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Great Blacks in Wax Museum brings hope back to the community
Story by Jasmine Pope
For BaltimoreStories.com

Four dark figures cast long stretching shadows across a small apartment bedroom. One figure is the headless body of a long dead civil rights leader, whose head is lying haphazardly on a small dresser. The others include Mary McLeod Bethune, John Brown, Fredrick Douglas, and Harriett Tubman.

These figures were the beginning of a piece of history that would change the face of a community in Baltimore City and reshape the traditional practices of preserving history.

The Great Blacks in Wax Museum is the brainchild of the late Dr. Elmer Martin and his wife Dr. Joanne Martin. It has grown from a small storefront museum on Saratoga Street to a sprawling building that covers the expanse of a city block on East North Avenue.

Through grants and donations Dr. Joanne Martin has been able to continue on furthering the museum and expanding it from just a building to a vital community institution and what she describes as a safe haven for many of the city’s youth.

The Martins birthed the idea for the museum in response to the fizzling civil rights movement at the end of the 70’s. “People thought they had arrived at the American Dream,” said Dr. Joanne Marti. "Young Blacks weren’t able to identify with the struggle.”

The late Dr. Martin would often tell the story of when the decision to pursue this endeavor was solidified in his mind. It was the story of a 6-year-old little boy who played on Dr. Martin’s softball team. The team was taking individual pictures in their uniforms for identification cards. After the pictures were taken a young boy came to Dr. Martin crying. When Dr. Martin asked what was wrong the boy replied that he needed to take his identification picture again because he was too dark in the picture. “I don’t want to be this black,” he said.

“That’s when we knew something must be done. The movement had turned into nothing more than a series of slogans,” said Dr. Joanne Martin. “My husband would sit in his office at Morgan State University and would wrap his brain around the idea for hours.”

Dr. Martin knew there was a need to preserve and promote the education of Black history and pride but he was unsure how to do it.

“We didn’t know what form or medium we wanted to use,” said Dr. Martin, “but then we went on a trip to Florida and visited Carter's Wax Museum and we knew this was what we wanted to do. Wax was the perfect medium. It was something that was uncommon and made telling a story more interesting and interactive.” With a plan of action in place the Martins lacked only the funding to get their project off the ground. They pulled together the money they had been saving to move out of their two-bedroom apartment and bought their first four figures.

“We had nowhere to store the figures so you could come into our apartment at any given time and find Harriett Tubman’s head in the bedroom, and John Brown’s torso in the next room,” said Dr. Martin.

The Martins created a traveling exhibition with the four figures that they had. “We went around to churches, schools, Lexington Market, and Enoch Pratt Library,” recalls Dr. Martin, as she laughs remembering the packing and unpacking of the various wax body parts.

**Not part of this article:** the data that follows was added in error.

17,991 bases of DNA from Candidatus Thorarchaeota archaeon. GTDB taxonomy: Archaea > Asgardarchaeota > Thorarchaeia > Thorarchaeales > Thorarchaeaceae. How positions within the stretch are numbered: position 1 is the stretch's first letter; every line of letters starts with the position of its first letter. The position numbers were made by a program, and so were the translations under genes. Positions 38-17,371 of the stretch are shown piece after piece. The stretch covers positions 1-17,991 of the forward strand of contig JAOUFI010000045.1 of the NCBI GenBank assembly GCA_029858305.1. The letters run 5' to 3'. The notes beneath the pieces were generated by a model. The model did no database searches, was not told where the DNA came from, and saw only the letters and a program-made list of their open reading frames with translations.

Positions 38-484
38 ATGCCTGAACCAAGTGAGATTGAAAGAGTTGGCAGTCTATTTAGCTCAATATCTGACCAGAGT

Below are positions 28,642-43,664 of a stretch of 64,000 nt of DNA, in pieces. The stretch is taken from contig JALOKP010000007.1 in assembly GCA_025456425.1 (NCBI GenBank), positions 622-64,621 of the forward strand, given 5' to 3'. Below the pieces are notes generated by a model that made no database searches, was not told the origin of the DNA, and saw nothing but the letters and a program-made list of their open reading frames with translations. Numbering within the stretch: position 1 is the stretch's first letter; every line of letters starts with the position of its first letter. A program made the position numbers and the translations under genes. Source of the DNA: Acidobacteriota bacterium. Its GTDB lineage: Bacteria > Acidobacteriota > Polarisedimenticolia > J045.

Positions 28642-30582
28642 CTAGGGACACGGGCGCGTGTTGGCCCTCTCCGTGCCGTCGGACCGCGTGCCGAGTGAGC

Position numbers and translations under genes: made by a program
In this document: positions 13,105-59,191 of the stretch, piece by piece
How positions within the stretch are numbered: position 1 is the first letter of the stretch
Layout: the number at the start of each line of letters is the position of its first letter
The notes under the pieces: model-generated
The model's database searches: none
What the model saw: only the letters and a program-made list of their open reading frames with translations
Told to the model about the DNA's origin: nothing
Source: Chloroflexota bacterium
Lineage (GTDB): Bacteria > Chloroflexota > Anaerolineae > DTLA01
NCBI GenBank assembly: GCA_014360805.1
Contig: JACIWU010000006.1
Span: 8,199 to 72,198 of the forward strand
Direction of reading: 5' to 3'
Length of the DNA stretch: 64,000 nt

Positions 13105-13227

“The last traveling show we did was at Mondawmin Mall, in either 1981 or 1982. After that we opened up the storefront on Saratoga Street in 1983 with 21 wax figures,” recalls Dr. Martin.

The museum now houses more than 12 major exhibits that include a host of life-size wax figures. The museum covers 5,000 years of Black history beginning before Christ.

One of the museum's most popular exhibits is a replica slave ship. As visitors walk through the ship the lights are dimmed and sound is played to mimic life on a ship. Visitors are forced to walk through tight spaces where they can see wax slave figures lined up along the floors of the ship like cargo.

Pictures of lynchings line the walls along the lynching exhibit. Graphic pictures of black men and women swinging from trees by ropes tied around their necks surrounded by smiling white people are just some of the exhibits that the museum has to offer.

But the museum is not just a business. Dr. Martin has worked to establish the museum as a community institution. “We have volunteer programs where children from the community can come and take active roles in the running of the museum by giving tours and doing office work.”

But for these children the museum is much more than just a museum. Many come to escape the chaos of their neighborhoods and homes.

“I have had children tell me that the museum has saved their lives. That’s what the museum is about. It is not just about the preservation of history but about being an asset to the community that it serves,” said Dr. Martin. This is the philosophy that the museum was founded on, to help culturally enrich the neighborhood and to help develop the community.

Brooke Nicholas, a Towson University student and a Baltimore native, admires the impact that the museum has had, “It’s like there is a nationally recognized landmark right here in your neighborhood. It gives the community purpose and meaning, and it distinguishes North Avenue from any other place in Baltimore.”

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